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Monday, March 10, 2008

More "clean money" insanity

The administrative time and expense created by Portland's "voter-owed elections" system have just gone up -- way up. Enjoy the potholes -- we've got better things to do with your money.

Comments (9)

Funny - two filings by two candidates on the same day! What did Sam promise them I wonder?

What a waste of everyone's energy.

Clean money has its own costs, disadvantages and advantages. Problem is, most of the "clean money" critics are comparing it to an idyllic election where good candidates are supported by popular mandate rather than commercial interests, and nothing bad ever happens.

Don't get me wrong: I think that Portland's clean money system has a LOT of problems and bugs, but I think its an improvement over the alternative. Lots of folks have railed against the "Goldschmidt machine" but, without independent financing of election, those machines have power because they control the electoral money. Choosing between the two, I'll pick our current "clean money" system anytime. And, as far as alternatives, what's the solution?

The advantages have yet to be demonstrated in practice in Portland. The planner/developer cabal owns people like Middaugh and Smith -- and they get them for free. Sho Dozono is the candidate of the downtown money set -- and they get a free ride, too.

Incumbents are guaranteed tenure for life -- look at the Leonard non-race. And it costs millions. We're at $1 million for the primary, plus at least one staff person, and how much are all these emergency state ALJ hearings going to cost?

There may or may not be solutions to the problem of money in politics, but this is an expensive, half-baked money throw at the problem.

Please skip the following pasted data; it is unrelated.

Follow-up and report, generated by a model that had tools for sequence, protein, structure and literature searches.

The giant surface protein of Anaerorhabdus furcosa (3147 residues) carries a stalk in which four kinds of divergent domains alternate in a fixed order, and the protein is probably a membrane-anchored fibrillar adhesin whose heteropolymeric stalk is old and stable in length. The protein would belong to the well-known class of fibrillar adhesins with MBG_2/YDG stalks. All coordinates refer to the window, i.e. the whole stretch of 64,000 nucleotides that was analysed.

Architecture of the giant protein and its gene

This critic opposes arbitrary government action. It is the government itself that is not to be trusted, as evidenced by the first amendment itself.

"Because of the danger of censorship through selective enforcement of broad prohibitions, and '[b]ecause First Amendment freedoms need breathing space to survive, government may regulate in [this] area only with narrow specificity.'" (emphasis added) In re Primus, 436 U.S. 412 (1978) citing NAACP v. Button, 371 U.S. 415 (1963).

I am tempted to jump in and demand return all the monies thus far distributed, even if I have to beg for donations to bring legal action . . . without running afoul of any state law myself.

No one needs to be paid to promise to limit their spending to X. Selective gifting is a funny way to distort the process so as to avoid the specter of selective enforcement of prohibitions. The CoP needs to be treated as a PAC . . . which is inherently incompatible with its role as a state actor in holding neutral elections for public office.

If you wish to advocate for the repeal of the first amendment there is prescribed process to do just that. (Which mirrors precisely an argument made by someone to the city club pertaining to the Oregon Constitution, in light of a couple rulings pertaining to free speech.)

Beryl who? Mayor of what?

Is it too late for me to file the paperwork to be a candidate for the U.S. Presidency?

Then I can add "U.S. Presidential Candidate" on my resume. Help fill in some of those "lost" years.

If only Opie's legislation resigned when he did.

No question, this is a move by Sam/Weiner. Don't let the smokescreen fool you. They must have a poll that shows that his lead is evaporating - kinda like Francesconi in 2004.

Why do we call these "voter owned elections" when the voters were neither consulted nor allowed to vote on the voter owned elections?

I was at the hearing when they enacted this funding trainwreck, testifying against it. After my friend Ken testified that they should give the people a chance to vote on it, Potter replied there was no need.

"Sixty percent of my constituents are in favor of this," the mayor said.

Let me do the quick math. Sixty percent of Potter's sixty percent was a plurality? Thirty six percent?

As I've said before, we may never get to vote on it. There is nothing binding the council to bring it to a vote.


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